Be Mindful of Excessive Speculation
Soaring interest among the public in the stock market. People day-trading to earn quick fortunes. If you didn’t know otherwise, this sounds like a description of the late 1990s, a time characterized by a frenzy for technology stocks as the internet came into its own.
But history has a way of rhyming, and the above actually describes today’s stock market.
Free Commissions + Boredom = Speculation
Ever since the market collapsed into late March, a curious thing has happened. Millions of new online brokerage accounts have been opened, many by beginner investors. What underlies this phenomenon?
There are a few possible explanations:
- With equities down so much, some individuals may have decided it was time to scoop up bargains.
- Some trading platforms, such as the well-known RobinHood app, allow investors to trade without incurring any commissions. This makes short trading more feasible.
- Boredom and a need for a fix: As the economy shut down, people were stuck at home and many were probably bored. The stock market offered to some of them a new game to play. This is especially true for those who may have previously gone to casinos (which weren`t open) or bet on sports (which were cancelled).
Amid this increased trading by new investors, there have been some concerning signs of rampant speculation in some stocks. For example, traders have piled into shares of companies such as Hertz (the rental car outfit) that are in bankruptcy protection. This makes little sense, because debt holders may end effectively controlling these corporations, with perhaps nothing left over for shareholders.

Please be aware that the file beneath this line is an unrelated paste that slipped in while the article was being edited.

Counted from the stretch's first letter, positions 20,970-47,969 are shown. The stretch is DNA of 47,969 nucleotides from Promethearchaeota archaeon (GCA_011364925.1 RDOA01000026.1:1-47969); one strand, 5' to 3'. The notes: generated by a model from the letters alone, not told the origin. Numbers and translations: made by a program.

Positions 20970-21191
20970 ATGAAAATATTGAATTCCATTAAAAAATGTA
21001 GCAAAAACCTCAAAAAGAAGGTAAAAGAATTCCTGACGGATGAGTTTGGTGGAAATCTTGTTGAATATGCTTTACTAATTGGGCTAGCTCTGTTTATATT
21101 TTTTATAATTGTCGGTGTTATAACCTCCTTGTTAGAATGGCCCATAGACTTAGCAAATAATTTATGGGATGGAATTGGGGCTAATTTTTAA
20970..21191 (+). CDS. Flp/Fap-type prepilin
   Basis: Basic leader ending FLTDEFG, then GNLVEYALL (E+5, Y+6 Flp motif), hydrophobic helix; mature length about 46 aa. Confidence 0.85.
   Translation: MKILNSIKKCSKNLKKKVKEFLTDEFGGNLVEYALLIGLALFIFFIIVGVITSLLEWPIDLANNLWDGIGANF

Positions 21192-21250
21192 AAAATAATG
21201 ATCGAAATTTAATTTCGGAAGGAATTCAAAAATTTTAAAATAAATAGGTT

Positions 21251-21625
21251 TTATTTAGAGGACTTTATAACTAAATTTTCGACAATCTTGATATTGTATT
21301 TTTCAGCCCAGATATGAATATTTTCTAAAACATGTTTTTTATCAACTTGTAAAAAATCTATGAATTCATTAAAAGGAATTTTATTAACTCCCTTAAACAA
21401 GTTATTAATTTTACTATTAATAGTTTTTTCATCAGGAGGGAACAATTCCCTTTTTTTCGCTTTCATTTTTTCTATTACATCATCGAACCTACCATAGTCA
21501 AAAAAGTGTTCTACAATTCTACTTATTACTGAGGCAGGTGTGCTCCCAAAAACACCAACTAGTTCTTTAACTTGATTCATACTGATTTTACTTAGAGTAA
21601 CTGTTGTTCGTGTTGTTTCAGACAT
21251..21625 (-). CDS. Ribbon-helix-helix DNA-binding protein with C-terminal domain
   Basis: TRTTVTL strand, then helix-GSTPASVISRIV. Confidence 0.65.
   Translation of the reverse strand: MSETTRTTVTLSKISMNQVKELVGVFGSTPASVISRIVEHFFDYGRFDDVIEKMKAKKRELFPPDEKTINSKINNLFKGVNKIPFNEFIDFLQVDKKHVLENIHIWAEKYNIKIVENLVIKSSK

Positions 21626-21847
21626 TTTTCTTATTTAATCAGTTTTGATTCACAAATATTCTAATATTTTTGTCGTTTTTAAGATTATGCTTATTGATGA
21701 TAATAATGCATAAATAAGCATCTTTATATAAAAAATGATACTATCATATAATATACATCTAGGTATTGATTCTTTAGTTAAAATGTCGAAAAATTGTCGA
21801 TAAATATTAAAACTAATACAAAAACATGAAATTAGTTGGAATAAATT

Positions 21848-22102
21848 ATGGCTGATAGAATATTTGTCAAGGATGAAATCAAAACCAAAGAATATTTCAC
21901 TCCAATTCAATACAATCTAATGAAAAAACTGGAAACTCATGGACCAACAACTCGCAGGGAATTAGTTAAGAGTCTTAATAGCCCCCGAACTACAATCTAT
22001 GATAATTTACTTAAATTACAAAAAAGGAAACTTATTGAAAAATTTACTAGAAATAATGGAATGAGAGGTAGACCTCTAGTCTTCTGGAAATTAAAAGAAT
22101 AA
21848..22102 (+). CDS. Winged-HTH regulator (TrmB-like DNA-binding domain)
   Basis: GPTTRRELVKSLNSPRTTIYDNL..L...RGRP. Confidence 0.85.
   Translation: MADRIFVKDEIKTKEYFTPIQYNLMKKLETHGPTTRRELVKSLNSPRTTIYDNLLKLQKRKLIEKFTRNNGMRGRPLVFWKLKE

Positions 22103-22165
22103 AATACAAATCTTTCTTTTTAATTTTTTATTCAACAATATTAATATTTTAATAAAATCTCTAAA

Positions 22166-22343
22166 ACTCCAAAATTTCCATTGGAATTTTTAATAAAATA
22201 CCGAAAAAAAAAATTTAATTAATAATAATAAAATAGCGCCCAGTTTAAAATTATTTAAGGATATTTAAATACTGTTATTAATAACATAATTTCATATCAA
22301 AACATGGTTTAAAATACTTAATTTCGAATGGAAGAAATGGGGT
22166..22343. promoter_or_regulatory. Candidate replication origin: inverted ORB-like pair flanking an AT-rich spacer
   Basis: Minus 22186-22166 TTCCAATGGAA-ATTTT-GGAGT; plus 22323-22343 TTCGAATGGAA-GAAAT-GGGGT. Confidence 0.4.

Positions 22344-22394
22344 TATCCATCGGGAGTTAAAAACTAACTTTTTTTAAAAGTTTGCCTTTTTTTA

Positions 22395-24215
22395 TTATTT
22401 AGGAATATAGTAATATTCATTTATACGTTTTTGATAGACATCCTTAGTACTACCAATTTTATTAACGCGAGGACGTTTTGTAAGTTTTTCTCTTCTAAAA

Companies that don`t find themselves in bankruptcy protection have also seen stunning rises in their shares. Tesla`s stock price, for instance, went absolutely parabolic in July. Believe it or not, the market was valuing it at more than Volkswagen, Toyota, and Honda, combined. While it may have promising technology, this valuation does seem stretched to say the least.
The lesson of this rise in speculative activity is that it`s important to remain well-diversified and stick to your long-term plan. We`ve seen numerous examples throughout history of manias in various securities. They don`t tend to end well, to say the least.
A Generational Gap in Attitudes
You`re probably wondering where the market goes from there. The answer could well turn on how different generations of investors act. On the one hand, there does seem to be froth (at least in some stocks) generated by younger investors. Indeed, according to the American Association of Individual Investors (AAII), millennials have been putting money into the market. Any retreat by this cohort could spell trouble for equities.
That said, many strategists believe the market could be supported by older investors. This group, the AAII reports, has remained cautious despite stocks staging a strong rebound off the panic lows in March. And their hesitancy is one of the reasons that nearly $5 trillion of cash is currently parked in money market funds. This mountain of dry powder could support markets on any corrections.
Long story short, it`s a market of young guns and old hands. We`ll see how it plays out as the summer and fall unfold.